Each month, the NSF Current newsletter highlights research and education efforts supported by the National Science Foundation. If you would like to automatically receive notifications by e-mail or RSS when future editions of NSF Current are available, please use the links below:
Penguins, like other species, face changes to their environment brought on by warming temperatures. With a frozen record of penguin bones stretching 30,000 years into the past, along with extensive field research on modern colonies, scientists know more about how penguins adapt to rapid climate change than just about any other species on the planet.
At an NSF-supported Web site on penguin science, discover how giant icebergs, disappearing sea ice and shifting weather patterns are affecting penguins. A television special on the topic, entitled Return to Penguin City, premiered on Animal Planet on March 23, 2008. See a clip at www.penguinscience.com.
Soot in the atmosphere produced from burning wood, coal, cow dung and diesel fuel has a warming effect in the atmosphere three to four times greater than prevailing estimates, according to a recent review by NSF-funded researchers V. Ramanathan and Greg Carmichael in Nature Geoscience. Incomplete combustion of biofuels produces "black carbon" (BC), a major component of soot. The complex contribution of soot and BC to climate has been difficult for researchers to unravel. Through careful analysis, Ramanathan and Carmichael have concluded that BC emissions contribute as much as 55% of the current warming caused by carbon dioxide, making BC the second highest contributor to global warming after carbon dioxide, according to the Nature Geoscience article.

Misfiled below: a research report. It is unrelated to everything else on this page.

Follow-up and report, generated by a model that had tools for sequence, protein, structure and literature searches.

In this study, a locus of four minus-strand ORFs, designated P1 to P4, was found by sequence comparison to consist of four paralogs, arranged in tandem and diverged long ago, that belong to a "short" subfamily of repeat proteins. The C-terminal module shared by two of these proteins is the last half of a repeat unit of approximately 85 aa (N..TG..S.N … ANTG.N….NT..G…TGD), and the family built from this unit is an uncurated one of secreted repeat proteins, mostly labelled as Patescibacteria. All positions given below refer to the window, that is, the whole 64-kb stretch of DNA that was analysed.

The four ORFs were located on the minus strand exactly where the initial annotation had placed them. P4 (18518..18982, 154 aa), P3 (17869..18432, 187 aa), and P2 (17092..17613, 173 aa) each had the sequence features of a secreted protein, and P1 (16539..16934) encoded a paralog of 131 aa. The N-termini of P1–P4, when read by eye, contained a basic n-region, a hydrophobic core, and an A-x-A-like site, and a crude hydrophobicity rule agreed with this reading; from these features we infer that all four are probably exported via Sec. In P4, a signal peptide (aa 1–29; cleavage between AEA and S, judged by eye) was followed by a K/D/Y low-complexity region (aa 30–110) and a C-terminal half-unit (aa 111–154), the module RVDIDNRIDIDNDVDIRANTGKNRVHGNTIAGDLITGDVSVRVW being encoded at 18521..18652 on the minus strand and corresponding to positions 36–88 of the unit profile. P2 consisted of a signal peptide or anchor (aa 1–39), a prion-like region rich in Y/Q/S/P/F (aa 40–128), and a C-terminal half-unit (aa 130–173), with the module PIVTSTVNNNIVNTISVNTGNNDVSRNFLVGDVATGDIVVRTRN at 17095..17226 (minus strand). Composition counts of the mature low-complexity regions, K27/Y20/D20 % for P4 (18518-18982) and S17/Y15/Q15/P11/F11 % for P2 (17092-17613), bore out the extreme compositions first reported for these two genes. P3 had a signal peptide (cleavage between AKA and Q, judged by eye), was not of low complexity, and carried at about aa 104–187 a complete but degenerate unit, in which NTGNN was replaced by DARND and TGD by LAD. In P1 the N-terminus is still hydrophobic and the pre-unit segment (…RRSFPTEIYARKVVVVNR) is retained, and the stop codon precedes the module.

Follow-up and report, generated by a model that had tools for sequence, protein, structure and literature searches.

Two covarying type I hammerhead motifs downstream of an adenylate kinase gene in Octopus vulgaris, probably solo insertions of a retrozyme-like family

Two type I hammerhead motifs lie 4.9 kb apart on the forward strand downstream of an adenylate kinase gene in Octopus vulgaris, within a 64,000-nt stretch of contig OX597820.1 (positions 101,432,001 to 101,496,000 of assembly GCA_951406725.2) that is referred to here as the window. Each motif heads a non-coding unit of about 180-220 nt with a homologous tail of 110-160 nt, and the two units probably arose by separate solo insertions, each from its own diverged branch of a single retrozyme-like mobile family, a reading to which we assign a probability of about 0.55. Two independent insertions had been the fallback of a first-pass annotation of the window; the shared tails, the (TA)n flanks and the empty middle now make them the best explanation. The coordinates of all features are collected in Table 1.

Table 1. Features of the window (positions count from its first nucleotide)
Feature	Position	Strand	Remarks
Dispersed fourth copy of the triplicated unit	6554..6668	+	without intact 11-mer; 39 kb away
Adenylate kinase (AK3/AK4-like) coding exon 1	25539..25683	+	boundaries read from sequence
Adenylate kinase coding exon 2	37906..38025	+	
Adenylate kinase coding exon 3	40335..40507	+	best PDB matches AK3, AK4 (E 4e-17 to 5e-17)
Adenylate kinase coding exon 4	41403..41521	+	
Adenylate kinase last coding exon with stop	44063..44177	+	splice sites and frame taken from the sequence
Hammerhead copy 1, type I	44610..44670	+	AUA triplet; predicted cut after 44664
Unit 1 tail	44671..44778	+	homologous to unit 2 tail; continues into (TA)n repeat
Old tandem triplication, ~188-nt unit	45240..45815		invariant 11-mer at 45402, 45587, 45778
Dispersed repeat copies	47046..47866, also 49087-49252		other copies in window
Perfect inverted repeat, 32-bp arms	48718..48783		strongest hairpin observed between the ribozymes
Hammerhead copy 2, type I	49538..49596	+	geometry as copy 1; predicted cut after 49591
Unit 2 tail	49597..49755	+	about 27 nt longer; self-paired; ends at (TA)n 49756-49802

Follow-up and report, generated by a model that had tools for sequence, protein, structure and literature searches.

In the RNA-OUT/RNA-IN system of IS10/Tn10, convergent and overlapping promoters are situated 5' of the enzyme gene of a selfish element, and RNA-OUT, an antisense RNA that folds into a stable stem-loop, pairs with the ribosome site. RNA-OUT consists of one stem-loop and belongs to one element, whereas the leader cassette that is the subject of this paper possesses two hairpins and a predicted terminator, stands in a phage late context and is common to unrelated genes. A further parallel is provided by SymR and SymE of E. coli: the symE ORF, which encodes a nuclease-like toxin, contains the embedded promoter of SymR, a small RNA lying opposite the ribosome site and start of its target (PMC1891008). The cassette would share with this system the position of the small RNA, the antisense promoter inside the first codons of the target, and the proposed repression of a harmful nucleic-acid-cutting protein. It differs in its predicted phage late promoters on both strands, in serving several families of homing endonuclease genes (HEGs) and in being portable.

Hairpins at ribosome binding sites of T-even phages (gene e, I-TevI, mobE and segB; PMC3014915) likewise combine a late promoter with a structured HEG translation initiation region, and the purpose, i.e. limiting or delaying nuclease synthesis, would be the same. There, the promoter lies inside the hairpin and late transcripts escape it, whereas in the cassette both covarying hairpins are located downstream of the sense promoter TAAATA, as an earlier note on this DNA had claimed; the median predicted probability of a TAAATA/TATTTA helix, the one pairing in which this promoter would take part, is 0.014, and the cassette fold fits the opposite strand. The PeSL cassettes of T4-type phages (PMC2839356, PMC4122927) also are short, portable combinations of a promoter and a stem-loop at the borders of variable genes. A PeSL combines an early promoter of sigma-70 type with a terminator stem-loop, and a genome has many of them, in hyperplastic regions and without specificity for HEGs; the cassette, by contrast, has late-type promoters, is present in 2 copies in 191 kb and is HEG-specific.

Field observations have determined global "hotspots" for BC emissions, including much of south and Southeast Asia. Much of this pollution comes from burning biofuels for home cooking and heating, and burning forest and cropland for agricultural purposes. Ramanathan's prior NSF-sponsored research indicated that one of the consequences of sooty pollution has been the rapid melting of the Himalayan glaciers, which are affected both by warming atmospheric temperatures and by increased solar absorption caused by black carbon deposits on ice and snow.
For more on this research, see the Scripps Institution of Oceanography press release.
Volunteers from around the nation are tracking climate change by observing the timing of flowers and foliage. Project BudBurst, operated by the University Corporation for Atmospheric Research (UCAR) and a team of partners, allows students, gardeners and other citizen scientists in every state to enter their observations into an online database that will give researchers a detailed picture of our warming climate.
The project, launched in February, will operate year-round to monitor early- and late-blooming species in different parts of the country throughout their life cycles. Project BudBurst builds on a pilot program carried out last spring, when several thousand participants in 26 states recorded the timing of the leafing and flowering of hundreds of plant species. See the NSF press release for more details.